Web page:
Author Topic: Ireland throws a referendum grenade into the EU fiscal compact mix  (Read 2195 times)

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Offline Letsbereal

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Ireland throws grenade into EU fiscal compact mix – Ireland’s electorate is known for rejecting EU treaties, before approving them
12 March 2012
, by Jason O'Mahony - Dublin (MarketWatch)


Just when the euro-zone crisis was getting a bit repetitive, the Irish decided to lob another hand grenade into the mix.

Last week, the Irish government announced that Ireland would be holding a referendum on the European Union’s Fiscal Compact Treaty before the end of the year

The news came as a surprise in both Dublin and Brussels, the EU capital, because Irish Prime Minister Enda Kenny’s government had been protesting loudly that it was not concerned about the possibility that it would need to be voted on in a referendum, as required by the Irish constitution.

The news came as a surprise in both Dublin and Brussels, the EU capital, as Irish prime minister Enda Kenny’s government had been protesting loudly that it had not attempted to word the treaty during negotiations in such a way as to avoid a public vote as required by the Irish constitution.

The problem was that the proverbial dogs in the political street (as well as well-briefed hounds in both Brussels and Berlin) knew that Kenny was actually trying to avoid a referendum in the negotiations. Kenny then surprised both his own parliament and his EU partners by announcing that his attorney general had advised that a referendum was indeed necessary anyway, despite the demands made by the government (in laughable secrecy) to its EU partners to avoid the vote in the first place!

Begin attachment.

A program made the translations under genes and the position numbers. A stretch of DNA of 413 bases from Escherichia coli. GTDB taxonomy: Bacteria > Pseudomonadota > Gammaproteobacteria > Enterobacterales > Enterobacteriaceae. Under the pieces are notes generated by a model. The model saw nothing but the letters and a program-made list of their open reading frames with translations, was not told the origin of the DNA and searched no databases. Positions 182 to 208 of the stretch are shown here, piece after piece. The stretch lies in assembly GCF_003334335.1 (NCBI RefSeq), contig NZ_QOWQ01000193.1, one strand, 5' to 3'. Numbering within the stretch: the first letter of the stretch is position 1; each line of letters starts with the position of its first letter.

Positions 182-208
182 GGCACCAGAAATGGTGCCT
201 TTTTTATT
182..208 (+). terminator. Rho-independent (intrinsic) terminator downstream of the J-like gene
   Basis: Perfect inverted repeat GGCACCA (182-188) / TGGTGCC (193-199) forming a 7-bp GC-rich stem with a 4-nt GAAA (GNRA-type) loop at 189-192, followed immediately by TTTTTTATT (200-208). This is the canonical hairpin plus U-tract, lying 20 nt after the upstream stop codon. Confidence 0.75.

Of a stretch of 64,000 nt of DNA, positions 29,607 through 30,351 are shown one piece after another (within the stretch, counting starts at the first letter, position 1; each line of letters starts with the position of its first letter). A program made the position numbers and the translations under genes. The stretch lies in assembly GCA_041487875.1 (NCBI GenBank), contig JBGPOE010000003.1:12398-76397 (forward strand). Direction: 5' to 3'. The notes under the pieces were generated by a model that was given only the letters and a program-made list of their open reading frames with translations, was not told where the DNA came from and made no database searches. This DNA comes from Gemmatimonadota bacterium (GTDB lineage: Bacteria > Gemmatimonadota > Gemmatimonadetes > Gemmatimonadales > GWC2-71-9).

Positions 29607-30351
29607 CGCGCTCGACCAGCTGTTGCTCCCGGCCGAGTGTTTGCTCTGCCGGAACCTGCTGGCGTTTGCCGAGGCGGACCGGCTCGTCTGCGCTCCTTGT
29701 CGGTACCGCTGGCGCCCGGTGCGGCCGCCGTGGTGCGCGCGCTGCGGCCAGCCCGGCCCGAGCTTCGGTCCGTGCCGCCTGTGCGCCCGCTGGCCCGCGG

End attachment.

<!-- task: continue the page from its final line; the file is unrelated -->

It’s all a bit embarrassing.

The truth is that the government, and pro-Europeans in Ireland generally, wanted to avoid a vote given the exceptional crankiness of the Irish electorate. It is being asked to vote for a treaty that will give legal standing across Europe to just the kind of fiscal straitjacket that is being protested on a daily basis in Ireland.

But that alone isn't what the government is afraid of. The problem is that the Irish people have history when it comes to European referendums, having voted in four of them in the last eleven years, initially rejecting and then endorsing both the Treaty of Nice and the Treaty of Lisbon.

As a result, a certain folk memory has developed among the electorate, which makes it impervious (at least initially) to threats of Irish isolation in Europe or withdrawal of foreign direct investment. If anything, the voters are more likely to vote ‘No’, knowing that the government will then be forced to return to its European partners to seek concessions. In this regard, Irish voters have often been proven to be better negotiators than their own government.
->>>|:-) THE CITY INDIANS (-:|<<<-